As Levy clings to a tree high above a river and tries to catch his breath, he doesn’t know what to do next. He has been a slave for Mr. Willoughby since he was little boy, and now things are changing. Unsure of what year it is, Levy escapes the jaws of slavery on the cotton plantation. He is a runaway slave without a plan.
As soon as he sees a boat floating in the river, Levy knows what he must do. With Mr. Willoughby on his tail, Levy boards the boat and hides behind the big wheel. As he somehow eludes capture, he begins a journey with a colored captain at the helm who works for none other than Levy’s former owner. As the captain takes Levy under his wing and they travel down the river, Levy finally learns what it’s like to be a free man with choices and the ability to make decisions for himself. But danger lurks around every curve, and Levy soon finds that his journey to independence will not come without challenges.
In the second installment of this historical tale, a Lincoln-freed Colored risks everything in order to realize the sweet taste of liberty and justice for all.
So I ran! Just jerked away from him and ran! Didn’t have the slightest idea where I was going. Didn’t know north from south, east from west. Just ran until the river stopped me right in my tracks. I was hemmed in! The only other way would of would of been across the yard, straight through taken me straight to the big house and into the woods where all them Indians lived. And I knew he would send for them nigger hunting dogs, and them dogs would soon be on my trail if I didn’t jump in that water.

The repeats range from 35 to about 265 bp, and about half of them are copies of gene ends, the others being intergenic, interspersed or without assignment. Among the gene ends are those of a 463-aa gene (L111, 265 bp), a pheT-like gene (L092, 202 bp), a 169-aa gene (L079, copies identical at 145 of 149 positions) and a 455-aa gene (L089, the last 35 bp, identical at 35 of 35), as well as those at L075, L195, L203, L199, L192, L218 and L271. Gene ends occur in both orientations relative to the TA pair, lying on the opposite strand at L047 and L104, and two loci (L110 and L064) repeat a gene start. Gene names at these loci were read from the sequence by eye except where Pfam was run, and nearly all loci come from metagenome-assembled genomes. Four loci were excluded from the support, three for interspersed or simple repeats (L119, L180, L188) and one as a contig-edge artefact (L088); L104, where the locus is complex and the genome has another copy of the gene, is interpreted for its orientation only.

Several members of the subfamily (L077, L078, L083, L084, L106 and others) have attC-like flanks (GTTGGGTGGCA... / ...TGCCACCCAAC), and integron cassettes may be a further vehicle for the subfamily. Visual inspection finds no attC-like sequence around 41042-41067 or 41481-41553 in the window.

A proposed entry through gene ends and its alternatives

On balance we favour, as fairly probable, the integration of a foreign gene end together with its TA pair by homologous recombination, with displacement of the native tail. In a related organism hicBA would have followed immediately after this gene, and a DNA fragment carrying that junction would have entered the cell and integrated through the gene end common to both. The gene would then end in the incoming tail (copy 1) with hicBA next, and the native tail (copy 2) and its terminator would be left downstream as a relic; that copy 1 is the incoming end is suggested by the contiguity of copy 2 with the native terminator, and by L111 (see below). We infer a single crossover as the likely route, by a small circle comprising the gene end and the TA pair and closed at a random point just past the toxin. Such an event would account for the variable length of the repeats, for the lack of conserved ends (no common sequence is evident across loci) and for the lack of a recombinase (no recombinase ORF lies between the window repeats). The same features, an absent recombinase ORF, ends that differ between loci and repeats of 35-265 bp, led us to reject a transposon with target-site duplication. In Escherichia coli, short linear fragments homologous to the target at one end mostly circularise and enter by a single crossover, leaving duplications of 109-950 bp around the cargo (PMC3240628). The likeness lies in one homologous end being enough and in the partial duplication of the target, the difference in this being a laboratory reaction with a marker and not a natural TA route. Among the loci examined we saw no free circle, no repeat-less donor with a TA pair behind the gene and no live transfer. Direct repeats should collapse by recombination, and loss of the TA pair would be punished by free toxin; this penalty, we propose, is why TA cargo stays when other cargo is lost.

I never paid much attention to the river before. It was just there! I’d bring my lumber down to the stacking place and leave it, never looking at the river, never knowing it was nice to look at sometimes. Like now! It was smooth and brown and just loaded with all kinds of stuff, tree limbs, boxes, even pans and just plain old stuff. The thing that got me was all this stuff was going some place. The river was taking it somewhere.
But I didn’t know nothing about where it was going. And it never mattered none to me before. I just figured if that river could take that stuff some other place, it sho could take me. How, I didn’t know. I couldn’t swim. Niggers didn’t swim, Mr. Willoughby said. What for? And to tell you the truth I ain’t never had that much water on me all at one time.
So there I was. Done run off as far as I could go on foot. I was trying to decide what to do and listening for them dogs at the same time. The only other way to go was up. So I just climbed the tallest tree I could see find not far fromthat was close to the river, hoping it would hide me for a while. But I also wanted to look at the river, see if it changed at night, and just watch how it picked up and took stuff with it. And, I have to tell you, it looked real pretty at night and quiet-like, too. Wasn’t no quiet-like anything down on the ground, for sho if you slaving.
CD Harper is a retired professor and arts administrator who holds degrees from the University of Illinois and St. Louis University. His first novel, Covenant, began the story that now continues in And Face the Unknown, the second installment of an intended trilogy. He and his wife reside in Gleneden Beach, Oregon.